EL PASO, Texas (KVIA) -- Some United States health officials have voiced concern that some monoclonal antibody treatments are going unused nationwide. However, local health officials say it's not a problem in El Paso.
As of early January, health officials reported that more than 550 patients in the county had received a monoclonal antibody treatment. It means the county has used more than half of its supply provided by the state.
Mike Barron was one of those patients.
"It was a mental thing also," he said. "It gave me peace of mind that I know that this works for other people. It's got to work for me. Just that in itself gave me confidence."
Barron received his treatment on January 6. By January 8, he said he felt much better, though he had not experienced serious symptoms yet.
The treatment is intended for patients before they get very sick. It aims to prevent hospitalization, but it also means patients must act fast. In El Paso, patients can only qualify if they have been diagnosed with COVID-19 within the last ten days.
Patients in El Paso can also only qualify if they have fall into a high-risk group and are referred by an approved medical provider.
Barron, a cancer survivor, says it was not an easy process.
"I actually had to make about 10 to 15 phone calls, probably even more, because I kept getting different answers and kind of a 'no' without directly saying no."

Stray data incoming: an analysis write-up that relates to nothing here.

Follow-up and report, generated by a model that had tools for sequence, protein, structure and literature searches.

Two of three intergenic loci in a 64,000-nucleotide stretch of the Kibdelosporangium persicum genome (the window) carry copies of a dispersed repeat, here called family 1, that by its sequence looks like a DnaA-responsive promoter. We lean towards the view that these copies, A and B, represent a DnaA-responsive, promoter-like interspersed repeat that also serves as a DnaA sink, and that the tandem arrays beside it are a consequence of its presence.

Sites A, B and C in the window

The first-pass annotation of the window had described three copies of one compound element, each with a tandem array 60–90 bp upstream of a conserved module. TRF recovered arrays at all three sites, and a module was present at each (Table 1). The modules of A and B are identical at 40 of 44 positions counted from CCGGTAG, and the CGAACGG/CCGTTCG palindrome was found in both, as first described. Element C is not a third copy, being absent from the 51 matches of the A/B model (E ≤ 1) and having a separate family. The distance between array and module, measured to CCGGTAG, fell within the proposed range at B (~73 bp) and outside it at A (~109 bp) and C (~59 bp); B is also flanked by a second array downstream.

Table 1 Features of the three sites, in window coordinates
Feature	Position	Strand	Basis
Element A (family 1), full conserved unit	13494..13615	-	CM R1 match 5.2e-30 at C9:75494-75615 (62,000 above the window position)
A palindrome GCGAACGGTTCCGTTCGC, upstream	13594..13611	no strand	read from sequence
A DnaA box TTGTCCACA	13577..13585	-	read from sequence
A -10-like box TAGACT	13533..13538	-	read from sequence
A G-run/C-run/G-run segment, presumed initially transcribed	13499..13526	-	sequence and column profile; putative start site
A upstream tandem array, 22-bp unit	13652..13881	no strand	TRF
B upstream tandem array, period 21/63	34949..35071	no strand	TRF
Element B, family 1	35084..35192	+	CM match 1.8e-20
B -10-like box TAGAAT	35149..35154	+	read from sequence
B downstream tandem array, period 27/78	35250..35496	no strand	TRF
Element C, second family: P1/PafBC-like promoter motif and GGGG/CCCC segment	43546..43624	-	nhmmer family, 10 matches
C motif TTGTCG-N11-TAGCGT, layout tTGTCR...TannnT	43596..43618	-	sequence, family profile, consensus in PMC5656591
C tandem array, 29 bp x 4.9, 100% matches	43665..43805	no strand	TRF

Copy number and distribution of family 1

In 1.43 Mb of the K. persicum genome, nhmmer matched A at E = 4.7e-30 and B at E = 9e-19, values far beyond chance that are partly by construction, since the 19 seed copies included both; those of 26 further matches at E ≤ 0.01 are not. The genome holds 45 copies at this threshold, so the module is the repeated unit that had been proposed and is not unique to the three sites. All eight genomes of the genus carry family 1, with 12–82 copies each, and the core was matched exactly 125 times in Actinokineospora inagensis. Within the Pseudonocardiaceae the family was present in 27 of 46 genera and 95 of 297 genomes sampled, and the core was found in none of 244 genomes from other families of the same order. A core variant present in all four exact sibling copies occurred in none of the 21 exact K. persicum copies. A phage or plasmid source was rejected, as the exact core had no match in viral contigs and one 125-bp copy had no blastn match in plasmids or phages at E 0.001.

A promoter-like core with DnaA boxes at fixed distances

Once he was able to get the referral, he said the process was easy. He recommends interested patients remain persistent and start trying to make calls early in their diagnosis.
The treatment works to help a patient's immune system better fight the virus. It involves an IV infusion and takes a few hours start to finish. The Chief of Emergency Medicine at University Medical Center said that could be why some communities struggle to use their supply.
"'I think there's logistics issues with any treatment, particularly infusions," said Dr. Edward Michelson, who is also Chairman of Emergency Medicine at Texas Tech University Health Sciences Center El Paso. "I mean look at some of the difficulties we've had getting the vaccine pushed out as quickly as its available. A vaccination takes only a matter of about 30 seconds. Patients get observed for 15 minutes. The infusion involves starting an IV, it's a one hour treatment, so it's a lot more complicated than for instance just setting up to get a vaccine."
Dr. Michelson says El Paso has been successful in delivering the treatment. He said the county was one of the pilot sites for the treatment in the country.
"Once vaccination becomes prevalent and most people are vaccinated, the need for monoclonal antibodies will diminish," he said. "But until we have herd immunity, as long as we have new patients acquiring COVID-19, the ability to treat them with monoclonal antibodies will be very important to help keep people out of hospital."
Dr. Michelson expects to use the 1000 treatments provided by the state by the end of January at the Convention Center.
Interested patients should use this list of medical providers to seek a referral.